Testimony in a terrorism trial in Indonesia indicates that the late Al Qaeda chief Osama Bin Laden directly funded the bombing in Bali, Indonesia that killed 202, many of them Western tourists.
Osama bin Laden gave the Jemaah Islamiyah $30,000 to carry out terror attacks in Southeast Asia, a key witness in the ongoing trial of Bali bombmaker Umar Patek told a Jakarta court yesterday.
Ali Imron said the funds were sent to his older brother Mukhlas, a JI leader who was executed in 2008 for his role in the 2002 Bali blasts that killed 202 people. Ali Imron is serving a life term for taking part.
Asked by prosecutors whether there was a link between Al-Qaeda and the JI, he said: “Osama’s connection with us was on an individual level. Mukhlas said in 2001 he had met Osama, who gave $30,000 for jihad in South-east Asia.”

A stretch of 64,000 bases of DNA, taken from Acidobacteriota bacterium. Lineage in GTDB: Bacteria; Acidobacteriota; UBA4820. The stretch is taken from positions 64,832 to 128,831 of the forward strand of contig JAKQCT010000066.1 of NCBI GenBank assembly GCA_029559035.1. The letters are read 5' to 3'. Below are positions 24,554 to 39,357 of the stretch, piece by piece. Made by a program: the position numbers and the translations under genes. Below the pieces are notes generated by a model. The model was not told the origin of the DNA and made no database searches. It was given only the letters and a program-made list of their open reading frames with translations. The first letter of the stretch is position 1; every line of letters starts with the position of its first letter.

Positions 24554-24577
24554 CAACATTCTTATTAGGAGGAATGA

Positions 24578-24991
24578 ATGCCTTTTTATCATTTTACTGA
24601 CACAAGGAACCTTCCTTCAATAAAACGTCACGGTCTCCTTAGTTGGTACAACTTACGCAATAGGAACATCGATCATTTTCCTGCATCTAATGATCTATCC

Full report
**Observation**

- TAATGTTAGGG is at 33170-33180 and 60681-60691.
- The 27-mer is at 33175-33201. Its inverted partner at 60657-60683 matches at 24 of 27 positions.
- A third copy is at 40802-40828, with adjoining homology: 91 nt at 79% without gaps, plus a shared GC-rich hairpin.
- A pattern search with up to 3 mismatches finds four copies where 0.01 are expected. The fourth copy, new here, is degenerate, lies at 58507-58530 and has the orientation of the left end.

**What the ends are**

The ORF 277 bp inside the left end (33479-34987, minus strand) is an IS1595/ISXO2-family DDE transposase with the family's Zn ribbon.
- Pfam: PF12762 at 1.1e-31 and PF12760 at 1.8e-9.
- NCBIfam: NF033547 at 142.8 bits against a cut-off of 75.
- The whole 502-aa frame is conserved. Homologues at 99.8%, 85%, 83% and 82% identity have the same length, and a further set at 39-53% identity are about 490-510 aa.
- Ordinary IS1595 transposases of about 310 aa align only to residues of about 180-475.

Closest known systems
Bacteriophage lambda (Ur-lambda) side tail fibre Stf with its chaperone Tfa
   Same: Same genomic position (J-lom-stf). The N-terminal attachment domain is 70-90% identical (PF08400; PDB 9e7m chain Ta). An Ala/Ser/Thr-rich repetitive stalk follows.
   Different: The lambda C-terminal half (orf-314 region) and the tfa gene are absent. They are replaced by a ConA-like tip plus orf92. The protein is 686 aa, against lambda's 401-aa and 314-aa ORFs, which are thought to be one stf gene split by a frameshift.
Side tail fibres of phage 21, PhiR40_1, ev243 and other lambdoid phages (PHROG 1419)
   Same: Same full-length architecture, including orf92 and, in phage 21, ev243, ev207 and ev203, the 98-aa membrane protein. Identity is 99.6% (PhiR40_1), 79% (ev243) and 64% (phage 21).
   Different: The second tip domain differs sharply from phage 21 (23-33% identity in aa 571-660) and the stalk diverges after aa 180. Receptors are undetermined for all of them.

His testimony is believed to be the first time a court has heard explicitly that the Al Qaeda leader financed the South-east Asian terror network, even though others have alluded to it.
The funds, the authorities said, also went towards the 2003 truck bomb blast at the JW Marriott Hotel in Jakarta that killed 12 and injured some 150 people.
Indonesian authorities had previously disclosed that the funds for the Bali blasts came from JI operations chief Hambali, who is currently in United States custody and likely to face a military tribunal.
Regional sources said Hambali received the funds in Karachi from Ammar al-Baluchi, the nephew of Sept11, 2001 terror mastermind and Osama’s right-hand man, Khalid Sheikh Mohammed. Hambali then handed the cash over to JI treasurer Wan Min Wan Mat, who passed it on to Mukhlas.